HHS is defending the bidding process that led to its $354 million four-year contract with a Virginia-based startup to manufacture active pharmaceutical ingredients (APIs) and finished drugs for emergency situations.
HHS said that it received a March 9 proposal from Phlow in response to an announcement issued by HHS’s Biomedical Advanced Research and Development Authority (BARDA) that was open to all companies.
Phlow also presented its proposal at a CoronaWatch meeting, at which companies pitch their proposals for HHS’ COVID-19 initiatives. The department said to date it has received 2,500 submissions and more than 250 companies have presented proposals.
Phlow was the only company that “presented an end-to-end solution” covering continuous manufacturing, addressing near-term COVID-19 drug shortages, and longer-term manufacturing of APIs and starting materials in the U.S., HHS said.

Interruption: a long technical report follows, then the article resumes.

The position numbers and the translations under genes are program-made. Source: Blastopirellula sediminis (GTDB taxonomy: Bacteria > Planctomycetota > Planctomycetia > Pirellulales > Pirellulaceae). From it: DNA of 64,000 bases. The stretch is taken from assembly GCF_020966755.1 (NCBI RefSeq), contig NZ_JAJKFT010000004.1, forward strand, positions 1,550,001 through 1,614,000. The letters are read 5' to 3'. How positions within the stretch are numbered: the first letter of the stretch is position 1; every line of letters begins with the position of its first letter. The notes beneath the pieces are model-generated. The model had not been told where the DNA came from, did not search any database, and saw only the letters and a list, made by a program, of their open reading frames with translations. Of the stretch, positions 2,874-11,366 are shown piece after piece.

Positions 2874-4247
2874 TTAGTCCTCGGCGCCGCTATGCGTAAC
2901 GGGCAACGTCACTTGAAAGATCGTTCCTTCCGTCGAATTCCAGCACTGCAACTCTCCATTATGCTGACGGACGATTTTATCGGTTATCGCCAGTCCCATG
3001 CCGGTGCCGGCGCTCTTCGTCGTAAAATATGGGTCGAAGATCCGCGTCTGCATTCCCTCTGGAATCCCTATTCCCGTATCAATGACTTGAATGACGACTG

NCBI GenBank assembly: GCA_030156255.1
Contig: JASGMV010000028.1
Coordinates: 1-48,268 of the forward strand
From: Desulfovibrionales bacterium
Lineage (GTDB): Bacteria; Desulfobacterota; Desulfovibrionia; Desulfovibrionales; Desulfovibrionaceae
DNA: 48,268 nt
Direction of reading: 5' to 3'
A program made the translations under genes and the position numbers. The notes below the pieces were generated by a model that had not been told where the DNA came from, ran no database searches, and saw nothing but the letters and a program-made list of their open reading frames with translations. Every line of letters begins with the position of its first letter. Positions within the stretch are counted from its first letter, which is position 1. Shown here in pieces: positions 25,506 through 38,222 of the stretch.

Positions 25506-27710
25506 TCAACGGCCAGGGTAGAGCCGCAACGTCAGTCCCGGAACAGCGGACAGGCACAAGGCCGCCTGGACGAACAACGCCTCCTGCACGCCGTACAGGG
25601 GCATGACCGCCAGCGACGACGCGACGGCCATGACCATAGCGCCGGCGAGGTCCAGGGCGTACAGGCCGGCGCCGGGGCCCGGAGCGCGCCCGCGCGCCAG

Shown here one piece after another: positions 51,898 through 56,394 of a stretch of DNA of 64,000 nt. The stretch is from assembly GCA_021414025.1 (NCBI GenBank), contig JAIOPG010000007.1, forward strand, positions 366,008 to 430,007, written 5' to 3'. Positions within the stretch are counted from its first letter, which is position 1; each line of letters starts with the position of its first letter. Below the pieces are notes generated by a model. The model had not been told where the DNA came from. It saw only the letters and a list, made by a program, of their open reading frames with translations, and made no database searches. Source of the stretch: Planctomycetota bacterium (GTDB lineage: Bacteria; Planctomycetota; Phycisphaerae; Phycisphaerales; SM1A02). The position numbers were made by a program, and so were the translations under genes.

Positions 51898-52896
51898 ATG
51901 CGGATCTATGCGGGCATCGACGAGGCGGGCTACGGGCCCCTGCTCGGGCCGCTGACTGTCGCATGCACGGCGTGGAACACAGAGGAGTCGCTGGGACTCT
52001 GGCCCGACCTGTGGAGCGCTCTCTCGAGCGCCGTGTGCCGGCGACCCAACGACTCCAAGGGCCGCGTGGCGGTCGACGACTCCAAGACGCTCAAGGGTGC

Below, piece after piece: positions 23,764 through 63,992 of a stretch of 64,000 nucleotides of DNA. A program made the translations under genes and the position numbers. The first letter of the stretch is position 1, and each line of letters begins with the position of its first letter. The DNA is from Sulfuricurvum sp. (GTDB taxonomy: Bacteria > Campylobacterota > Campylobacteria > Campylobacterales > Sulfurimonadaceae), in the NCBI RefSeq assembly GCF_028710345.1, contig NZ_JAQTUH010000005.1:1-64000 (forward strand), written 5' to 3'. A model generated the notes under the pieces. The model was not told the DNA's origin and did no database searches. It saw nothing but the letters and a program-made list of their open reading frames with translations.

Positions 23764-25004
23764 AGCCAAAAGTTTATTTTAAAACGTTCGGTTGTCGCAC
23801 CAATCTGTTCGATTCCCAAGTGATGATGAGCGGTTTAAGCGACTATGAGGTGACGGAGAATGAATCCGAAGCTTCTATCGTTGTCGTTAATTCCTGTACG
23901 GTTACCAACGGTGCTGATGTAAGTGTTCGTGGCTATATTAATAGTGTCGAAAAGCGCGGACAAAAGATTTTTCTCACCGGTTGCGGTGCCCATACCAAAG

HHS said earlier this week that the Phlow contract may be boosted to a $812 million contract over 10 years, a stunningly large contract for an HHS manufacturing partnership with a private firm to produce drugs.
Future manufacturing of APIs and other materials will be jointly agreed to by the company, BARDA and the FDA, HHS said. The agreements and pricing will be “transparent and reviewed by BARDA on a monthly basis as stipulated in the contract,” the HHS spokesperson said.
A Phlow spokesperson said on Tuesday that the company bid for the contract “like everybody else” (DID, May 20). — Jordan Williams